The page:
Karissa Hahn exposes the basic technique of Please Step Out of the Frame in the opening shot. The first image is black-and-white Super 8 footage of a MacBook sitting on a small desk. The camera zooms in briefly toward the computer before zooming back out again, beyond the original focal distance, which reveals that the image we have been watching is itself being displayed on the screen of that same MacBook and was filmed by that same Super 8 camera from the same position at some earlier moment in time. Hahn’s film is, in short, a kind of mise en abyme as intimate, digital nightmare, and it’s tremendous fun to watch. She introduces her next trick by showing found footage of people playing with the roller coaster backdrop on Apple’s Photo Booth app. After doing so, Hahn, who we’ve glimpsed briefly interacting with the laptop, becomes the central character in the film. She herself rides Apple’s roller coaster in one clip and then adds a new custom backdrop to Photo Booth, Eadward Muybridge’s Semi-Nude Woman Hopping on Left Foot (1887). Seeing Hahn emerge, glitchy and ghost-like, from Muybridge’s photo series is deeply uncanny, and it suggests other century-old precedents for the film, particularly Lumière’s playful inventions. In one of the more unnerving moments, Hahn sits at the computer, opens a video app, and plays a screen capture of some previous version of herself interacting with the desktop. She then stands, walks behind the camera, and takes hold of the lens, zooming in so that the video on the laptop fills the entire screen, essentially erasing the diegetic world originally established in the shot and replacing it with an alternate reality. The soundtrack, like the image, is a distorted amalgam of analogue noise and digital processing – or vice-versa, I’m not sure which. Describing art as “Lynchian” is so common as to make the term useless, but Please Step Out of the Frame is a precise expression of that familiar and disquieting dread particular to David Lynch. Hahn’s film is one of the best shorts I’ve seen in recent years.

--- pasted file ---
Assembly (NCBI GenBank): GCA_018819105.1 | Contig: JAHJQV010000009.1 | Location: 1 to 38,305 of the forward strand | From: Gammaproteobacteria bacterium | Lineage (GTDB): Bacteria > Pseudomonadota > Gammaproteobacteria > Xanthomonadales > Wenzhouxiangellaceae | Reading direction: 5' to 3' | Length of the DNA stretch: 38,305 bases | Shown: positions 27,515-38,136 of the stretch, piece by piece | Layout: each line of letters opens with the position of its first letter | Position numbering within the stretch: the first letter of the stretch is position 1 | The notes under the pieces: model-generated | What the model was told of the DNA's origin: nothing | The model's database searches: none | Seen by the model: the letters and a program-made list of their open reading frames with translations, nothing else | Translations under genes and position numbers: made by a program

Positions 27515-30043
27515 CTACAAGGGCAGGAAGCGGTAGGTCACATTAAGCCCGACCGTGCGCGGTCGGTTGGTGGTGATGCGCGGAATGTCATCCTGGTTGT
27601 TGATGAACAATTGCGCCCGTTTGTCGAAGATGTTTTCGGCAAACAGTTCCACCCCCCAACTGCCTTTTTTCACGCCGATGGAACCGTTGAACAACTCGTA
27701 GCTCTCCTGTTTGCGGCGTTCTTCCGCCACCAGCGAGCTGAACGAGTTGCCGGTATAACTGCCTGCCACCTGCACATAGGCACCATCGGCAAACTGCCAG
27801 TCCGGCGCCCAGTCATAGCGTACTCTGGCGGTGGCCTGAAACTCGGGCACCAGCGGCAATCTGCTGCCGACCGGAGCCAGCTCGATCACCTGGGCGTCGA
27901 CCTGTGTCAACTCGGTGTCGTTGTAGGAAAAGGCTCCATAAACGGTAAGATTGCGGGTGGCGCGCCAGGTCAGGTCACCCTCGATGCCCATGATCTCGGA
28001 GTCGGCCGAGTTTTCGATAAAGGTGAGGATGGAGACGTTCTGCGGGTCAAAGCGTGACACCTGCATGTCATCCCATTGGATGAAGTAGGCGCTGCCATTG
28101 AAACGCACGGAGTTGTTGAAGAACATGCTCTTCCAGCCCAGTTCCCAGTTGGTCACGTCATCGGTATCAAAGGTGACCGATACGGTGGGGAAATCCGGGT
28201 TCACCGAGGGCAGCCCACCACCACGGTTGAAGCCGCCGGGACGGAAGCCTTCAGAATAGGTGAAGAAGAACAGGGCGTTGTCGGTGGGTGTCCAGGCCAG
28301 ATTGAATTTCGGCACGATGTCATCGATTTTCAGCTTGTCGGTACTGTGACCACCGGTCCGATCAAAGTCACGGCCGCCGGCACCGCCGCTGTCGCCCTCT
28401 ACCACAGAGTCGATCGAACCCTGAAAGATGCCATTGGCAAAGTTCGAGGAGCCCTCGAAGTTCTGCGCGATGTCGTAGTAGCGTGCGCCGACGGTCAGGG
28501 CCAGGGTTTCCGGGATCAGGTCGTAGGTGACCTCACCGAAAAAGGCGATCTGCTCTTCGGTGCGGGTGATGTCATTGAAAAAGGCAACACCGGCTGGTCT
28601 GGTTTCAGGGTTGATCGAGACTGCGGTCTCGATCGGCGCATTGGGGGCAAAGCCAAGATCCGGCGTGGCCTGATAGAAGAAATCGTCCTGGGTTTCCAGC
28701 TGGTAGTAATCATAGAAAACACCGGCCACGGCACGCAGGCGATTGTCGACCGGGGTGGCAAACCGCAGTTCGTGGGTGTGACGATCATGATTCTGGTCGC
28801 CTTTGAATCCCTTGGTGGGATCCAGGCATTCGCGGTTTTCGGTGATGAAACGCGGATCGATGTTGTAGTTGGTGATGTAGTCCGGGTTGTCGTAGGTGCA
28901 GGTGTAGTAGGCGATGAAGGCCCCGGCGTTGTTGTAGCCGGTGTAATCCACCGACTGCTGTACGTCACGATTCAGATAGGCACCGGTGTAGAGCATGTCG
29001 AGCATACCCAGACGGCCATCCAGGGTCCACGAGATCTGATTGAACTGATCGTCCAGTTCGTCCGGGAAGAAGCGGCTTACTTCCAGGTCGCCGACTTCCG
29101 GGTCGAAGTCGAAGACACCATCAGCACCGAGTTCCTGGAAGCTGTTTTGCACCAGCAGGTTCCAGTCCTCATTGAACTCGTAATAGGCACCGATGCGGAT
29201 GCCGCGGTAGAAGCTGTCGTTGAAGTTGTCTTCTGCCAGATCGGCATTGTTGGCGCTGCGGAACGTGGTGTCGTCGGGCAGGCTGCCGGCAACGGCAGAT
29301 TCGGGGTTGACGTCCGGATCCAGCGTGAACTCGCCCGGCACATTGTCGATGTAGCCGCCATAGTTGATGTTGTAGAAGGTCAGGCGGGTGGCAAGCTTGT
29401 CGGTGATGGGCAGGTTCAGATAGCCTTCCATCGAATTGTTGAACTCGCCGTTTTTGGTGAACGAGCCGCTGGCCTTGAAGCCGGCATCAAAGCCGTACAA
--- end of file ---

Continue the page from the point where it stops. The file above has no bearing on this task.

By referencing Lynch, I’ve happened upon a useful transition to Words, Planets by Laida Lertxundi, who has likewise spent much of her career thinking about how to film Los Angeles. When asked by R. Emmet Sweeney about her training at Cal Arts, she mentioned the significance of Benning’s “Listening and Seeing” course, where she learned to patiently observe a location, as opposed to claiming it like a tourist. “We weren’t allowed to shoot or record anything, just take the place in. . . . I didn’t think about shooting, but about time and landscape.” Collectively, the ten short films she’s made since then are a kind of world-building exercise, in the sense that her representation of L.A. – the geography of the city, its people, and the surrounding deserts and mountains – is so consistent and particular that it not only sidesteps the familiar cliches of Hollywood movies but imagines a wholly alternative landscape, more private but no less fantastic or dreamlike. I think of Lertxundi as a member of the Ozu camp, filmmakers whose formal preoccupations are so fixed over time that one pleasure of watching each new film is discovering small variations that suggest a maturing or complicating perspective. Her previous film, 025 Sunset Red (2016), with its allusions to her father’s political career and its incorporation of her menstrual blood as visual material, marked a shift to direct autobiography. Words, Planets pulls from her standard storehouse of images and sounds, including desert cacti, diegetic music, and the faces and bodies of friends and collaborators, while also exploring for the first time the effects of motherhood on her work: the film ends with white-on-black text that reads, “… and my life from now on is two lives.” (The infant, who appears several times in the film, is the ideal performer for Lertxundi – pure Bressonian affect!) Lertxundi has said that Words, Planets grew out of a course she teaches that begins with a reading of “For a Shamanic Cinema”, in which Raúl Ruiz proposes six strategies that interrupt the narrative machinations of industrial cinema. The suggestions, borrowed and adapted from Chinese painter Shi-T’ao, include “draw attention to a scene emerging from a static background” and “reversal of function. What ought to be dynamic becomes static and vice-versa.” I suspect it would be possible to reverse-engineer Words, Planets by assigning each shot and cut to a Ruizian strategy, but I doubt doing so would provide much insight. Rather, the point is that Lertxundi has evolved her own particular shamanic cinema. She has, in Ruiz’s words, put her “fabricated memories in touch with genuine memories [that] we never thought to see again.”